MILLBURN, N.J. ( Stockpickr) -- Since 2006, I have published an annual list of the worst-managed publicly traded companies. Every year, I re-evaluate the list, putting those companies whose management has improved on parole and inducting new members in their place. Over the years, the companies on this list have made excellent short-sale candidates, with some continuing down their poorly run path to bankruptcy as others manage to get their acts together.

Each company on my list displays one or more of the following characteristics of poor management.

  1. Poor Financial Condition: Heavy debt loads, large amounts of goodwill and poor cash flow are common among poorly run companies. As a result, their balance sheets are in lousy shape. The inability to shore up balance sheets could spell further danger in the future.
  2. Second Banana Syndrome: Some of the companies on my list are not what would you refer to as "best of breed." Most of them are in an industry or sector that has at least one more-dominant competitor. After all, why swill beer when you can sip champagne?
  3. Ineffective Management: Successful companies will have management teams that not only innovate but also can perform during times of stress. Innovation does not mean simply introducing a single "cool" product, as Sharper Image did with the Ionic Breeze Air Purifier. Effective innovation and management are about being able to transform a company into a provider of a well-balanced and diversified line of products.
  4. Disastrous Strategic Acquisitions: Many companies try to grow by developing a successful acquisition strategy. Many cause more harm than good by doing so. Do you remember the ill-fated acquisition of the old America Online by Time Warner (TWX)?
  5. Failure to deliver value to shareholders: The bottom line remains the same good management teams deliver dividends and share price appreciation to shareholders. Bad management delivers coals in stockings.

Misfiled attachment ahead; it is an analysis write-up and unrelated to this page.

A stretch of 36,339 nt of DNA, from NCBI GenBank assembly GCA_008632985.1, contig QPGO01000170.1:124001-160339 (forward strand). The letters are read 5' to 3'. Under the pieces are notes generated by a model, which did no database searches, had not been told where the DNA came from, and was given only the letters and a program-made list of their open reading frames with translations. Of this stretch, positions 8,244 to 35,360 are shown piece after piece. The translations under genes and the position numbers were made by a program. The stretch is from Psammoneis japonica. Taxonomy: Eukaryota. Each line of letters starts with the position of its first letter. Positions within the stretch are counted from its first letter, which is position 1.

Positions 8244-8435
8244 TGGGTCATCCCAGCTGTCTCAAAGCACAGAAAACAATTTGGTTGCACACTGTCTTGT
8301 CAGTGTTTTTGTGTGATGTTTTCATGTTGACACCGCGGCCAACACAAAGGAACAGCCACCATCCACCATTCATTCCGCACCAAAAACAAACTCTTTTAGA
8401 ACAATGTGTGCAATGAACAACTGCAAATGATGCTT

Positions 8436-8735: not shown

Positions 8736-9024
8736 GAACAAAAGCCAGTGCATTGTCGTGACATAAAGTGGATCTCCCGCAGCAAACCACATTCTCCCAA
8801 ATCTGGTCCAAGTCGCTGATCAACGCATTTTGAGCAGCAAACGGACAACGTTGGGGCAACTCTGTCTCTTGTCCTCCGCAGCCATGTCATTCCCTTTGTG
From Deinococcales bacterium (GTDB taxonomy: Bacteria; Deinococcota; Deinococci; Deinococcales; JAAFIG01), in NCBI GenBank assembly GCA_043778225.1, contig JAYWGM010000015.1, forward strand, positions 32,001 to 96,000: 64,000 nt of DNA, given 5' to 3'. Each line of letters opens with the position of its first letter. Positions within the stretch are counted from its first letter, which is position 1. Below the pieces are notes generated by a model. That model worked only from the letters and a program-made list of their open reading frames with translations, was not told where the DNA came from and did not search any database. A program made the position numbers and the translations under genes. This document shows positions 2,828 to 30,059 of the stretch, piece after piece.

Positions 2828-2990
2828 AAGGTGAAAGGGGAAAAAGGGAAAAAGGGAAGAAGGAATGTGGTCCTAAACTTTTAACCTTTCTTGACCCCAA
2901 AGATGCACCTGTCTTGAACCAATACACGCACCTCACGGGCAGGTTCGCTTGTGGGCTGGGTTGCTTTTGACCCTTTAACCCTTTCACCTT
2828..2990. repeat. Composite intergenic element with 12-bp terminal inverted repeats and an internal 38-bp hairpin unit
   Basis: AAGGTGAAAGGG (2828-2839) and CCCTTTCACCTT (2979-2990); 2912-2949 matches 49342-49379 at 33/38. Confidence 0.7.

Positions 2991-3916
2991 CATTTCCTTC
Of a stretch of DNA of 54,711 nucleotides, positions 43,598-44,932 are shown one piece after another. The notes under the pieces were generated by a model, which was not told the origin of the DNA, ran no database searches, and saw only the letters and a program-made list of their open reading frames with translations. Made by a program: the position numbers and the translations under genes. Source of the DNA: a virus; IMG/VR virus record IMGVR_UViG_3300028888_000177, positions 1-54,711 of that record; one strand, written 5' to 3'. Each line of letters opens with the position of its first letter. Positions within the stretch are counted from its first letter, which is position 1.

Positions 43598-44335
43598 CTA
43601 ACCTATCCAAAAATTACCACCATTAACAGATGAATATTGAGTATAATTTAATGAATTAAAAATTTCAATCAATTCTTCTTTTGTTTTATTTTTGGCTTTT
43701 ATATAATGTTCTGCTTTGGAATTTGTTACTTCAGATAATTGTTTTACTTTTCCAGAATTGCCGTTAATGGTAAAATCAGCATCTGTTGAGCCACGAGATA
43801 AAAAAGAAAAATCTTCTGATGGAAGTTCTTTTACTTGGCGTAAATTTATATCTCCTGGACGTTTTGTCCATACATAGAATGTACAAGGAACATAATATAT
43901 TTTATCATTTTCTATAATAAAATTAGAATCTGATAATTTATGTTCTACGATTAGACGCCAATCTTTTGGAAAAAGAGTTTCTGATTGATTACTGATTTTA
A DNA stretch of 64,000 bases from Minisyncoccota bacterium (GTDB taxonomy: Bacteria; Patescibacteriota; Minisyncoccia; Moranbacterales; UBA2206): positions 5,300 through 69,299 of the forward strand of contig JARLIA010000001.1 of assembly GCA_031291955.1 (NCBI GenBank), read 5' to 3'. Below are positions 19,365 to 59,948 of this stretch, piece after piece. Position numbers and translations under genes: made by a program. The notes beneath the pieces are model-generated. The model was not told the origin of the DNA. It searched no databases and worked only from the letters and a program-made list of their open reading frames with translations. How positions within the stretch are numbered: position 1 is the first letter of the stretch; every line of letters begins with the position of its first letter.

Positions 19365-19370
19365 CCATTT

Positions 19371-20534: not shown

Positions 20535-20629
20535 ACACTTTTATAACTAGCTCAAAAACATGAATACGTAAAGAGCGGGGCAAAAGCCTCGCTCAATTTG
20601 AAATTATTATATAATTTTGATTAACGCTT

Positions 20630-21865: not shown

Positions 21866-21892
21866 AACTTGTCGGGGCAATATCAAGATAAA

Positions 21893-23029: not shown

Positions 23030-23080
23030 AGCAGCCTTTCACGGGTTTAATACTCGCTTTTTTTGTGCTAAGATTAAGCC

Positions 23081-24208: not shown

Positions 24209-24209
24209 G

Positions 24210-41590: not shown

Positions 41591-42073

First, let's review the roster of my list of worst-run companies from years past and see how they've fared lately.

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Class of 2006

Alcoa ( AA): Alcoa remains on my list. Alcoa and its management team continue their traditional mismanagement of shareholders' wealth. Yes, earnings should improve nearly 60% in 2011 over the prior year, but in the last year Alcoa stock has slid 9% while the S&P 500 rose about 9% on a price basis. Next year, the company is expected to increase earnings by 22%. Can this management team finally deliver to shareholders? I remain skeptical, but even a blind squirrel can find a nut every once in a while.

For another take on Alcoa, check out " 5 Breakout Stocks to Leverage the Rally."

Alcatel-Lucent ( ALU): Alcatel is still on my list. This company should return to profitability for the first time since 2006. That is no consolation to shareholders, who have watched their stock value decline nearly 19% in the last year. This once leading-edge technology company is finding itself bringing up the rear these past few years and struggles to catch up.

Cablevision ( CVC): Cablevision remains on my list. The Dolan family continues to live large on Cablevision. Concurrently, shareholders suffer, with the stock falling close to 21% in the past year. That includes the spinoff AMC Networks ( AMCX), which, believe me, was no great benefit to shareholders. AMC has also fallen since its spinoff on June 30. By the way, everyone I know who has Cablevision as a service provider hates it. That does not surprise me one iota.

Not everyone agrees with me. Cablevision, one of the highest-yielding media stocks, shows up in the portfolios of Daniel Loeb's Third Point and Chase Coleman's Tiger Global Management as of the most recently reported period.

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